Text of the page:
Ad Astra review – Brad Pitt takes us on a beautiful but ultimately hollow journey

Brad Pitt’s comeback has been long-awaited, and with Once Upon A Time in Hollywood and Ad Astra hitting screens within a month of each other it’s clear that he’s well and truly back. It’s a shame that Ad Astra – a film I was hugely looking forward to after the glowing Venice reviews – left me feeling hollow.

Set in the near future, Ad Astra is a lowkey sci-fi presenting itself as realism. Brad Pitt plays Roy McBride, an emotionally distant astronaut who, after surviving and remaining calm throughout a life-threatening accident, is enlisted to help on a top-secret mission which involves going to find his AWOL father (Tommy Lee Jones) who is apparently causing deadly blackouts on Earth from a space station on Neptune.

© Twentieth Century Fox

Don’t get too excited about the science – the blackouts are literally never mentioned again and it’s assumed they’re solved by an explosion towards the end. They never get to the bottom of what, why, or how they’re being caused…it’s literally just never addressed. The whole premise is left hanging supposedly for the sake of a life-changing emotional catharsis, except even that rings hollow. The final epiphany of the film is literally the same as the driving force that pushed him to go on the journey in the first place, yet is presented as a twist – something so baffling to experience while watching that I honestly felt like checking if there had been some mistake.

It’s undeniably a visually stunning film, yet with such a bare-bones plot and a one-note emotional arc, the emptiness of space feels just that – empty. Unlike in Gravity when space shots evoke terror and loneliness, and in Interstellar where they evoke yearning and sorrow, Ad Astra misses the mark.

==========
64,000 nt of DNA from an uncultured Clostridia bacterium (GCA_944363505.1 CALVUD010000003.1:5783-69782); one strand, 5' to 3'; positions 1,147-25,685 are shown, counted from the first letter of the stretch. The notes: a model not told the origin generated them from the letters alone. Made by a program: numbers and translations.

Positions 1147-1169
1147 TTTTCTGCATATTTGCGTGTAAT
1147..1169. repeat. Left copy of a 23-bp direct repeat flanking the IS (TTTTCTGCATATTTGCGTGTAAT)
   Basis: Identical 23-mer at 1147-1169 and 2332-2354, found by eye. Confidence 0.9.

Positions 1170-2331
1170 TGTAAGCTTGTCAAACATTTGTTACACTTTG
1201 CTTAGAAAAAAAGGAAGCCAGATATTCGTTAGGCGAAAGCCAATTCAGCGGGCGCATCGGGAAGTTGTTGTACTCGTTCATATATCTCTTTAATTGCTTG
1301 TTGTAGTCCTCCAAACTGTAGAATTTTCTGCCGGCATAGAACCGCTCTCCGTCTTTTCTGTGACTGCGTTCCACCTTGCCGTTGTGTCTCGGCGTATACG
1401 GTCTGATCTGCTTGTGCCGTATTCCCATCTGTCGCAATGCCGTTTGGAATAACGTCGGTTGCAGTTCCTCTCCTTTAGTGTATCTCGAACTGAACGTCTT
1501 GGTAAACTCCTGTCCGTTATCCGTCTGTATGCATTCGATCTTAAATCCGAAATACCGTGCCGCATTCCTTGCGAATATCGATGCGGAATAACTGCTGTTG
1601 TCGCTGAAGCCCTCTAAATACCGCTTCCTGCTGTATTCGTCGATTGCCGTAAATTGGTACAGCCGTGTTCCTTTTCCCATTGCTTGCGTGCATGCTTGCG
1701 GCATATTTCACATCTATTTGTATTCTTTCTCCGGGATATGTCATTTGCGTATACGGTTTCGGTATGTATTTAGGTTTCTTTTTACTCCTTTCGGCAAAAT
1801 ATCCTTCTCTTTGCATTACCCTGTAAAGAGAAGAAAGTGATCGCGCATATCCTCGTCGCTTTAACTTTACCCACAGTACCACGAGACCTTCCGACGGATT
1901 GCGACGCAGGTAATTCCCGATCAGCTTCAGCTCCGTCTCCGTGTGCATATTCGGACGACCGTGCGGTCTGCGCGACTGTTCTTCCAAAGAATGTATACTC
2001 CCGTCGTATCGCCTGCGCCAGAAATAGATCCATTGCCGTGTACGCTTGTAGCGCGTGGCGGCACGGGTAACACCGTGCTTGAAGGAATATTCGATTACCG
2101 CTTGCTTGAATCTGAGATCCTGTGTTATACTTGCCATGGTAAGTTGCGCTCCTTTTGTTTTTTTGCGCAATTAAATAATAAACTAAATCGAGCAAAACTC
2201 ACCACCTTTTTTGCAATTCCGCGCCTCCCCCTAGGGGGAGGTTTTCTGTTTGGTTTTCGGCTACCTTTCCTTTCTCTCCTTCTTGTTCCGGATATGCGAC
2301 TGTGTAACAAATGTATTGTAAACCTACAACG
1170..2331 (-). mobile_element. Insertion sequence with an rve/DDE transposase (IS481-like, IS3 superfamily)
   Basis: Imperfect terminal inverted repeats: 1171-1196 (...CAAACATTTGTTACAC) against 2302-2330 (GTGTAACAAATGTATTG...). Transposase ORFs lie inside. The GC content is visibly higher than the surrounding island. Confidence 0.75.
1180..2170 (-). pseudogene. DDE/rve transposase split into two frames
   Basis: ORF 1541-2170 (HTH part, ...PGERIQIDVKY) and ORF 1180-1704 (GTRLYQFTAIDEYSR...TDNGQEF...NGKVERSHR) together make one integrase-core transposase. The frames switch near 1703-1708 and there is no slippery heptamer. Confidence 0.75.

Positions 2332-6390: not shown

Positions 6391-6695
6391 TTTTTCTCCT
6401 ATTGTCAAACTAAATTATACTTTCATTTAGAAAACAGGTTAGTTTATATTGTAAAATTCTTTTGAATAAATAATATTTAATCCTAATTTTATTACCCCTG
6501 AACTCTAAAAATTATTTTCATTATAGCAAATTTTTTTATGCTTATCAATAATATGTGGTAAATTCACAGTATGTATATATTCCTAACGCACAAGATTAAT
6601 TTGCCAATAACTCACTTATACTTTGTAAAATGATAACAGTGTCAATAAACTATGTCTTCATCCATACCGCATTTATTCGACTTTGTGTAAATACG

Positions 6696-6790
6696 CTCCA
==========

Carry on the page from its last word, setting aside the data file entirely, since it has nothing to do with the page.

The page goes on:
© Twentieth Century Fox

Phenomenal actresses Ruth Negga, Liv Tyler and Natasha Lyonne are criminally underused – dropping some exposition or serving as a wordless wife for Roy to leave and feel bad, and come back to and feel good. It just feels so lazy – as if an early draft simply bullet-pointed the key points in the story, and someone forgot to fill it out with anything of substance.

The best sequences occur early on, where commercial travel to the Moon (with some Virgin Atlantic product placement…surely it should be called Virgin Galactic?), and scenes on a fully populated Moon base complete with DHL and Subway in the airport take place. Scarcity of resources and a run-in with moon pirates foraging for scraps betray hints of what could have been a really meaningful and unique film, but unfortunately we’re forced to sit through a colour-by-numbers daddy issues story instead.

© Twentieth Century Fox

Perhaps the most baffling thing is that Brad Pitt delivers a gritty voiceover throughout the entire 122 minute film, saying out loud everything the character thinks and feels. In case the audience couldn’t glean it from the Psych Evals he has to complete every five minutes, or from his, like, acting.

That’s not to disparage his work at all – Pitt’s performance is actually one of the least distracting things about the movie, but the movie does also contain a feral space baboon and multiple instances of bizarrely casual murder of innocent bystanders, so make of that what you will.

Ad Astra is in cinemas now.

Sneh Rupra

Co-founder & Editor

Sneh co-founded Outtake Mag with Laura. She has a day job in film PR and dreams of a day when everyone has equal opportunities in the film industry. Her opinions are always right, so jot that down.